With reference to FIG. 1 there is shown a top view of a computer pointing device according to one aspect of the present invention. The computer pointing device is designated generally by the numeral 10 and includes a printed wiring board 12, a cross-shaped strain gauge 14 having a finger-tip manipulable lever 16, mechanical attachment openings 18, and electrical cable connection pads 20.
FIG. 2 is a bottom view of the computer pointing device 10 of FIG. 1, and shows a reverse side of the printed wiring board 12, a clock signal oscillator module 22, a comparitor circuit 24, a micro-controller 26, several operating power filter capacitors 28, and a solder-side of the electrical cable connection pads 20. An outline of the strain gauge 14 is shown with a broken line.
FIG. 3 is a side view of the computer pointing device 10 of FIGS 1, 2 showing an edge view of the printed circuit card 12, the micro-controller 26, one filter capacitor 28, and the strain gauge 14 attached to the finger-tip manipulable lever 16. A user's finger tip 30 is shown manipulating the lever 16 for positioning in a planar X-Y coordinate system typical of mouse-type computer pointing devices.
FIG. 4 is a simplified block diagram illustrating an electrical circuit for a computer pointing device according to FIGS 1-3. The computer pointing device electrical circuit is designated generally by the numeral 32, and includes a two-dimensional strain gauge 34 (defining a bridge circuit), comparitor circuits 36, a bias network 38, and a micro-controller and power regulator 40. The strain gauge 34 is manipulated by a user finger-tip input 30. The simplified computer pointing device 32 shown in FIG. 4 receives operating power on an input line 42 and distributes regulated operating power 44 to other elements of the circuit. The simplified computer pointing device 32 also receives the user finger-tip manipulation input 30 and provides a P/S-2 type computer pointing device output signal 46.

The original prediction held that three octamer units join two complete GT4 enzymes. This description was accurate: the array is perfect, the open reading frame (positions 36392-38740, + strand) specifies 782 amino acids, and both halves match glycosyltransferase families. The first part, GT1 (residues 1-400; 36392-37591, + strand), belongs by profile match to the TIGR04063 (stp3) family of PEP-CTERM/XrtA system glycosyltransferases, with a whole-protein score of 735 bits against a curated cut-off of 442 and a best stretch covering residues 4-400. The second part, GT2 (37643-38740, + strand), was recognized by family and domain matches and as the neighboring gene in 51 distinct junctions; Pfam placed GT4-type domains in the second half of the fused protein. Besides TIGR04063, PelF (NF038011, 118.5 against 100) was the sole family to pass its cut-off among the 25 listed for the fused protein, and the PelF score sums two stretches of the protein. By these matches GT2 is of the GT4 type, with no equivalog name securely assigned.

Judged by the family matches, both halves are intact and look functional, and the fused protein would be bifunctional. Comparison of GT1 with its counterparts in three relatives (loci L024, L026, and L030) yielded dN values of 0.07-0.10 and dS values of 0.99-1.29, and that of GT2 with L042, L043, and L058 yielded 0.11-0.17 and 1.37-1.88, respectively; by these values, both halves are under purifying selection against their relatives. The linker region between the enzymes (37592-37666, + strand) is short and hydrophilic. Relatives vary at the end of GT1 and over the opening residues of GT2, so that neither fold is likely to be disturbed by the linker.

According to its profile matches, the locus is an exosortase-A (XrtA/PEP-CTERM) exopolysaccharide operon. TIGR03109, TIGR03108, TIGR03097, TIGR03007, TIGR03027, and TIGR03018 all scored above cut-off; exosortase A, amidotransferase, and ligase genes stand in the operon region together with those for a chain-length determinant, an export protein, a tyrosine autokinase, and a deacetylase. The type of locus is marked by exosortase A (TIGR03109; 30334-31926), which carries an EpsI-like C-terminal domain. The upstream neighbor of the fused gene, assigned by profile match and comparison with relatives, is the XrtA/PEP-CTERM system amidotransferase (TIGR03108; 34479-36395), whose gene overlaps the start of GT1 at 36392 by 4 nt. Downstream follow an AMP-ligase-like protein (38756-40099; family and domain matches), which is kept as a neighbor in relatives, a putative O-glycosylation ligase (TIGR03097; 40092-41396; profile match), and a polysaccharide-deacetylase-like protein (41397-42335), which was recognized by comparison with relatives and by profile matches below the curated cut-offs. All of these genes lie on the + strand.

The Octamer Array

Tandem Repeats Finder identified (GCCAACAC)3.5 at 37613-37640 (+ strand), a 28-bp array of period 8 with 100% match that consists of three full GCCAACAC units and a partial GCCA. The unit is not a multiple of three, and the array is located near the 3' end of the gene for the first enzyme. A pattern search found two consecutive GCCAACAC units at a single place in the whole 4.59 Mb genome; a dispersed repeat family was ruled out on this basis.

In operation, the computer pointing device 32 is connected to a source of operating power (e.g., +5V DC) and the output signal 46 is connected to a P/S-2 mouse input on a computer. The user puts a finger tip 30 against a distal end of the manipulation lever 16 and applies force in the direction he desires a displayed cursor to move on a computer display screen (not shown).